MGT 598 – Matrix Reflections

During our last MGT 598 Project Management class, we discussed the Matrix Organization Structure. When our professor asked the class if anyone had worked in a similar work structure I assumed I did not because I have a single boss and I don’t really work in the project management field. During the class, I realized that I do have exposure to the Matrix Organization Structure even if is not called out in that manner at my work.

I am a Senior Cost Analyst supporting a Manufacturing Plant. I have a single identified boss within the Finance organization. Yet, I also support specific products and business units within the plant. Those managers are also an effective boss of mine. I report to them every month with financials and results of various queries that they have. While the finance manager will ultimately be completing my performance review, pleasing and effectively supporting the plant managers will directly impact my performance review.

In the case study we went over in class, Moss and McAdams Accounting Firm, I can completely relate with Zeke Olds and the way in which he was being pulled in different directions. There have been many times that I have had requests from the Plant Managers that have conflicted with the wishes of my finance managers. Typically these are a result of different goals and areas of focus between the finance managers and the plant managers; finance wanting to tell one story with the numbers and the plant managers wanting to tell another story. Much of my job involved sorting through the numbers and commentary to reflect either both stories equally or reflecting the most accurate story. Finance is much more that simple accounting and reporting; it is the narrative described in the numbers that the various managers are going to have to speak to.

3 thoughts on “MGT 598 – Matrix Reflections

  1. Good post and reflection. I can also relate to you and Zeke. My primary organizational role is technical product sales support manager. I have one manager dictating my workload and responsibilities. Although, at times I feel the pull from our sales group to give extra attention to one project or one customer. Other times, the quality group may push their specific project tasks on my group, which is outside our scope. I tend to tread lightly when dealing with other departments since I am fairly new to the role and my manager is fast approaching retirement.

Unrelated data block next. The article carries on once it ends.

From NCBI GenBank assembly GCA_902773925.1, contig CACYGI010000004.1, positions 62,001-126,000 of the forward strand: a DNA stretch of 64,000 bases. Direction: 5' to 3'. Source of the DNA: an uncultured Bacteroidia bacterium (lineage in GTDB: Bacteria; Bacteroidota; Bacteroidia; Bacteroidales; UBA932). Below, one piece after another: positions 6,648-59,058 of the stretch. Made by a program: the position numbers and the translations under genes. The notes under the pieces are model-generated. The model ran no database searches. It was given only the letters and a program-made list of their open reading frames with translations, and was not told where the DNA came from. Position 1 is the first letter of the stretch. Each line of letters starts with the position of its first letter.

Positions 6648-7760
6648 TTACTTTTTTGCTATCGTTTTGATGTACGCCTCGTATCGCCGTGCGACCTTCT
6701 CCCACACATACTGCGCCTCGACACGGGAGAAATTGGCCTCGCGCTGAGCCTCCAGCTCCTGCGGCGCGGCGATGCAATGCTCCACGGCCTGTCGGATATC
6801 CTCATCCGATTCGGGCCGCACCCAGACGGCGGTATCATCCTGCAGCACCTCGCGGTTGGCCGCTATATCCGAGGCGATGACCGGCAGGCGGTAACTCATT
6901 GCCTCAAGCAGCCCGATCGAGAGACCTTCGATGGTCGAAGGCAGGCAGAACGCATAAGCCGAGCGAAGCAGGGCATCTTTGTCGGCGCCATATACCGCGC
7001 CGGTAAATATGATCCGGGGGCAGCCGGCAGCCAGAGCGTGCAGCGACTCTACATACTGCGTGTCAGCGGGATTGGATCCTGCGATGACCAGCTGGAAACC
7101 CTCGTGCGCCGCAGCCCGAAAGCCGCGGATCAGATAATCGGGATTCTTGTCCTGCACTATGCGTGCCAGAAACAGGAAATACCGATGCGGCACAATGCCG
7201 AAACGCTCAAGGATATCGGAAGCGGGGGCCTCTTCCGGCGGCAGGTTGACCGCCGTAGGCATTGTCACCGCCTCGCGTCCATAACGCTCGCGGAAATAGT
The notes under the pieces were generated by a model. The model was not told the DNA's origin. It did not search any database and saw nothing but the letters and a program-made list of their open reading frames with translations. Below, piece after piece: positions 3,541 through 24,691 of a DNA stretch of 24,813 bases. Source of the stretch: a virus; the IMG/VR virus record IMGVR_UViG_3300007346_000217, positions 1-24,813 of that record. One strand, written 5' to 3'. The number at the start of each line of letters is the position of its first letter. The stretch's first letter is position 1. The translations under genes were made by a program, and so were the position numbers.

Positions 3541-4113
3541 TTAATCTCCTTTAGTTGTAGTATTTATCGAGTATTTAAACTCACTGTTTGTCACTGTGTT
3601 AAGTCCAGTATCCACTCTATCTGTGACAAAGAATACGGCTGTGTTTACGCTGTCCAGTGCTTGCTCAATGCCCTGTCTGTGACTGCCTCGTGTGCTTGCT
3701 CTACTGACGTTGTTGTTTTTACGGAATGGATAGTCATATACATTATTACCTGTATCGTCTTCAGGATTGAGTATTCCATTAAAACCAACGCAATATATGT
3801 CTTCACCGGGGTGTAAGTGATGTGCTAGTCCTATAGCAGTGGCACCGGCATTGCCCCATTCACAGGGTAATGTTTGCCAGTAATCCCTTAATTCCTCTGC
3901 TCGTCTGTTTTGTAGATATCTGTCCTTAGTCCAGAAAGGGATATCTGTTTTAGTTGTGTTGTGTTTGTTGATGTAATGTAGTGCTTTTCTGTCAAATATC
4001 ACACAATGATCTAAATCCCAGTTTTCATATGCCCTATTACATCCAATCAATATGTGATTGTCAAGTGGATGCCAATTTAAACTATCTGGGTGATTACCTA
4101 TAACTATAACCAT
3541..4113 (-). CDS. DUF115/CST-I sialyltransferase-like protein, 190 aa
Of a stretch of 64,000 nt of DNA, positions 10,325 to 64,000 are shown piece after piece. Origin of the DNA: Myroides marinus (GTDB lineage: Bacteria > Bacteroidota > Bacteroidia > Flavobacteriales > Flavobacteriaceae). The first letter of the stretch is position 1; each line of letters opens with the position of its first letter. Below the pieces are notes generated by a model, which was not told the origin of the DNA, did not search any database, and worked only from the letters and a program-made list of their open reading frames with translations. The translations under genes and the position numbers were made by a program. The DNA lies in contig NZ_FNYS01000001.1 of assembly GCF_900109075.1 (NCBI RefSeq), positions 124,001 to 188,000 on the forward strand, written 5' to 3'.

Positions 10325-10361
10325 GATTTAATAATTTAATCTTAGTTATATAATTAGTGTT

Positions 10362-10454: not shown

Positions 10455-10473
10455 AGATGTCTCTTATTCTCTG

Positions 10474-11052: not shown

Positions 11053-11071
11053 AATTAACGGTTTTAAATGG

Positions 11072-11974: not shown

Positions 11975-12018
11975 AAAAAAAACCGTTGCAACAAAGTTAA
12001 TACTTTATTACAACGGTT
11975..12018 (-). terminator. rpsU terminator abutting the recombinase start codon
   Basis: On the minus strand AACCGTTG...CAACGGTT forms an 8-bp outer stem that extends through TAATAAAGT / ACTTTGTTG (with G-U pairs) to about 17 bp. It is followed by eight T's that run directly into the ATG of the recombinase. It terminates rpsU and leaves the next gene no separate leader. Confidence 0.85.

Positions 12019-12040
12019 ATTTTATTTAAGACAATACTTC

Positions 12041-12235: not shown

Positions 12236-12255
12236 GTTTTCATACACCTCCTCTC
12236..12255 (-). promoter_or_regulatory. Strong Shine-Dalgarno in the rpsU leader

2. This post and our conversation in class made me think about a new project management process recently implemented at my company for new product development projects. The new process clearly defines a cross functional, core team that is accountable for the project’s success. Although this process has improved cross functional alignment, it has also brought new challenges. Project team members are now required to spend more time supporting these NPD projects which has caused conflict with department specific goals and time required to support these. As we discussed in class, I think one way to improve here is to ensure a high level strategic alignment of all functions. At the end of the day, all functions should be working towards common objectives.

  3. I too work in a manufacturing setting as a cost control analyst. I know what it is like to deal with my direct management, ops, PMO, SCM, etc. Each organization pulls you in a different direction. Each function has their own goals and needs to get information from you… because you are the numbers, the financials and are a priority to everyone in the end no matter what org/function they are. I just try to remember what my organization stands for in the end, and that is accurate and complete financial reporting with thorough and comprehensive analysis. It is about providing the best information I can to everyone. If individual functions have requests or need help with the numbers I step in where I can and help them sort through the numbers. My priority is always to the financial homeroom and then the program. As a matrix organization I feel strongly that is the way it should be. That being said, I strive to better the program and the team through my analysis and financial reporting.

    Great reflection.

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